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Topic: How to test if a led is on without looking at it? (Read 193 times) previous topic - next topic

Luke_tx

Hi all, is there a way to test if 5V are passing through a certain pin? Can se post me a basic sketch that show me a possible way?
C remeinessence lead me to use flags, but this is not the proper solution I am looking for.
Thanks in advance!

luisilva

You can do the digitalRead of the same pin that you have the digitalWrite (I've not sure if this method works, but you can try it). If the last method don't work, you can connect together an input and an output and then read with the input if the output is HIGH or not.

I think is what you're looking for, right?

JimboZA

Do you mean you want to see if the pin is set high, or if there is actually voltage there?

The only way a pin can be set high is when you do it with a write, so you already know that it's high: your suggestion if using a flag seems to me to be the right way of remembering. It's very common in the forum to see states set like that. Just after you set the pin high, set a boolean variable high as well. Seems to me to be strange to read the pin to see if it's high, since you're the one who set it in the first place and all you have to do is remember that fact.

If you mean you want to see if the pin is actually high, ie there's actually 5V there, then I guess you could connect it to another pin and read that one.
Roy from ITCrowd: Have you tried turning it off an on again?
I'm on LinkedIn: http://www.linkedin.com/in/jimbrownza

Luke_tx


You can do the digitalRead of the same pin that you have the digitalWrite (I've not sure if this method works, but you can try it). If the last method don't work, you can connect together an input and an output and then read with the input if the output is HIGH or not.

I think is what you're looking for, right?



Yeah, that seems to be the easiest way, I hope it will work thank you man.
Now, I am using the SoftwareSerial library, to send the value of the DigitalRead(pin) through bluetooth on another device I would have to use the function << BluetoothData=Lukebt.read(pin);>>  ?

Note: SoftwareSerial Lukebt(4, 3);  Lukebt is how I initialized the softwareserial



Do you mean you want to see if the pin is set high, or if there is actually voltage there?

The only way a pin can be set high is when you do it with a write, so you already know that it's high: your suggestion if using a flag seems to me to be the right way of remembering. It's very common in the forum to see states set like that. Just after you set the pin high, set a boolean variable high as well. Seems to me to be strange to read the pin to see if it's high, since you're the one who set it in the first place and all you have to do is remember that fact.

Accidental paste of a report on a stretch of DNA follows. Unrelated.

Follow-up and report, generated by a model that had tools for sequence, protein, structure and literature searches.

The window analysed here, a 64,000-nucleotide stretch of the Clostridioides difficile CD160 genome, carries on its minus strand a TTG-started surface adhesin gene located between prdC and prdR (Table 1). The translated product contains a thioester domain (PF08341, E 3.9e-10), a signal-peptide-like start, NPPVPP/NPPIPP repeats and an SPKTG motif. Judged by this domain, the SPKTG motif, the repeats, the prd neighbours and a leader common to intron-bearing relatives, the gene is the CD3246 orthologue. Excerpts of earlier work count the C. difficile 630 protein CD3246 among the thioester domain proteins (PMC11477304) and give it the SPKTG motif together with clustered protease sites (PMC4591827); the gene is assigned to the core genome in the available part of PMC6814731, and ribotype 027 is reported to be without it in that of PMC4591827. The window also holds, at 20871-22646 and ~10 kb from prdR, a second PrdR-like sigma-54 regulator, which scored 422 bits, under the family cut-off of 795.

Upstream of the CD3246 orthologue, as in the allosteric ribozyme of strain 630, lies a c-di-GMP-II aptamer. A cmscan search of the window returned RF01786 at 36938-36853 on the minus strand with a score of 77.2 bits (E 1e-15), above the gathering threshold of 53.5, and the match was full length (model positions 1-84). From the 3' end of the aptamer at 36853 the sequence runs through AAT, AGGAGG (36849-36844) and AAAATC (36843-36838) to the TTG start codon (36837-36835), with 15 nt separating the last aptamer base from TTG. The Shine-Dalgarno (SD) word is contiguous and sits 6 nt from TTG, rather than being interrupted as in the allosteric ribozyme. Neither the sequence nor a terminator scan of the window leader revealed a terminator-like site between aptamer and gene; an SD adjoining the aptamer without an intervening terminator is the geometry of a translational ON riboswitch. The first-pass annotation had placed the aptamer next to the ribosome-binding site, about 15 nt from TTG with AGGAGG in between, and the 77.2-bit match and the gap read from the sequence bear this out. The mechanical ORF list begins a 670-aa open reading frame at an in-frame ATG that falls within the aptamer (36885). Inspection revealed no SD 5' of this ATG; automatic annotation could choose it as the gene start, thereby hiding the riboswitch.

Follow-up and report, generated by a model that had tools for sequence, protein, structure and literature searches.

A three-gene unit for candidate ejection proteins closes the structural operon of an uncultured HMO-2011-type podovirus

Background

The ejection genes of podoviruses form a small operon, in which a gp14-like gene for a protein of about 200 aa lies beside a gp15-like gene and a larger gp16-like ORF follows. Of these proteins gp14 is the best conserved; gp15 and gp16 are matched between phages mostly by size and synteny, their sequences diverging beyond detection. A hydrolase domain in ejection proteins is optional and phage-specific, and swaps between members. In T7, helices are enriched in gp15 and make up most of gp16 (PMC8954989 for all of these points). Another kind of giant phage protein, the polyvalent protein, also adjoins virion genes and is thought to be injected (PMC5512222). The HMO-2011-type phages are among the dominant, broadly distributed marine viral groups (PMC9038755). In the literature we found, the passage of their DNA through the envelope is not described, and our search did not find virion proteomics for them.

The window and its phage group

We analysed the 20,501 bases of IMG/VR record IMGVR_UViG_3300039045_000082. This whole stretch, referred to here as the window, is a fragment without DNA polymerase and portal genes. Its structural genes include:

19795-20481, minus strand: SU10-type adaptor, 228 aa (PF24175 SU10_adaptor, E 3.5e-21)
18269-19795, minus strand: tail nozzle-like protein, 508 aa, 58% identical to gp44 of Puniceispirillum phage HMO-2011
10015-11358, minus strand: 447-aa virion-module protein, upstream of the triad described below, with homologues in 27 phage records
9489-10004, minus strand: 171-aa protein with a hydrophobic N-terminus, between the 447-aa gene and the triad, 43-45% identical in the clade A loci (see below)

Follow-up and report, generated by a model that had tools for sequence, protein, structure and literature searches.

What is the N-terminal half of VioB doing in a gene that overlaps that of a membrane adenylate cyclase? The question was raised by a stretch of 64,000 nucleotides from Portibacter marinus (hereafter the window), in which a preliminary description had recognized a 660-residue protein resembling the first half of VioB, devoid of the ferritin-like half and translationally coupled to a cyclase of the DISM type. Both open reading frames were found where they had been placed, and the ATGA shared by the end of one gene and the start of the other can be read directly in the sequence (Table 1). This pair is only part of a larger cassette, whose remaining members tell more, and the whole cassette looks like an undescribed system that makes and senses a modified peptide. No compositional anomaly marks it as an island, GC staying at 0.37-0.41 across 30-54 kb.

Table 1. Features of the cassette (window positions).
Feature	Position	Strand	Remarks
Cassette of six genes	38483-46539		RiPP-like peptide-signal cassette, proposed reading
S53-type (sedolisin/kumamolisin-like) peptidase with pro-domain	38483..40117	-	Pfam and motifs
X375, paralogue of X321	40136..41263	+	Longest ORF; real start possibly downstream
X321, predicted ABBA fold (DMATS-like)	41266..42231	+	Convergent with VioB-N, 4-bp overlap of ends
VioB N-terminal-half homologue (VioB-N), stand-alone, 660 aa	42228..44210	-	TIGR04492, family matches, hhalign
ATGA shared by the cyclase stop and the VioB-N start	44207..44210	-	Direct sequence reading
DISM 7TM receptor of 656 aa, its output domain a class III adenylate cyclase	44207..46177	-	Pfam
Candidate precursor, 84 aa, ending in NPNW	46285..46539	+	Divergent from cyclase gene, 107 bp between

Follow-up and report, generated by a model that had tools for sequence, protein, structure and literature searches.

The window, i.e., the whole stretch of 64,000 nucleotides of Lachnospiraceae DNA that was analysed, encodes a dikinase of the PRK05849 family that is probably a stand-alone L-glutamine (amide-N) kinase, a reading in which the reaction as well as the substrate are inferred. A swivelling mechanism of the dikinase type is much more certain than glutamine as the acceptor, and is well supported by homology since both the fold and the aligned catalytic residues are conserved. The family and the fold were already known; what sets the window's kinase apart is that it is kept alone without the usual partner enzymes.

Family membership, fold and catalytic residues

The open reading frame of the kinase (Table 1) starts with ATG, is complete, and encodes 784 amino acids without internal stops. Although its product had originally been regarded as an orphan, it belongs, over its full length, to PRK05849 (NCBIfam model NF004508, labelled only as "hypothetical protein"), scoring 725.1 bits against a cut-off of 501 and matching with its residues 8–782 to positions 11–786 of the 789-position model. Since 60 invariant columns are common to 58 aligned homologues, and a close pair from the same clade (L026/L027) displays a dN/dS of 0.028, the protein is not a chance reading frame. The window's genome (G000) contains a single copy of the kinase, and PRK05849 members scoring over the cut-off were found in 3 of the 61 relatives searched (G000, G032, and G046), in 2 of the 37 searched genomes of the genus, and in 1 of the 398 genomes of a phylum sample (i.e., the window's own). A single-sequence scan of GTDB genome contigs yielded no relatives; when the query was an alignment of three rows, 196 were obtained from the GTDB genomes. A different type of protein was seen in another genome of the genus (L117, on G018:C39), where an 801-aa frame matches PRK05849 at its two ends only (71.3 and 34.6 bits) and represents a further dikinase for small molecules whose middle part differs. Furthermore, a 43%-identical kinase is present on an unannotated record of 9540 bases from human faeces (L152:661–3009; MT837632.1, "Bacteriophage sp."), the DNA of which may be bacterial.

If you mean you want to see if the pin is actually high, ie there's actually 5V there, then I guess you could connect it to another pin and read that one.

You're right too, but the main problem it is that the pin of arduino i am referring to, can be slaved by different devices through bluetooth, so let's make an example : Device 1 (call it A) set the pin on state 1, switching ON the led associated with it . Now device 2 (call it B) can set the pin on state 1 or 2, but if we don't have a real time "answer" from arduino about the state of this pin, B doesn't know if he got to set the pin on state 1 or 2, in order to effectively change the state of the led.
I hope you got better what I mean now, and thank you guys for your answers, I appreciate your big help!

robtillaart

Code: (demo) [Select]

void setup()
{
 pinMode(13, OUTPUT);
 Serial.begin(115200);
 Serial.println("Start ");
}

void loop()
{
 digitalWrite(13, random(2)); // 50% chance HIGH/LOW
 
 if (digitalRead(13) == HIGH) Serial.println("ON");
 else Serial.println("OFF");
 delay(1000);
}

Rob Tillaart

Nederlandse sectie - http://arduino.cc/forum/index.php/board,77.0.html -
(Please do not PM for private consultancy)

UKHeliBob

Quote
we don't have a real time "answer" from arduino about the state of this pin
You will if you use a global variable or one bit of a global variable to flag the state of the pin.
Please do not send me PMs asking for help.  Post in the forum then everyone will benefit from seeing the questions and answers.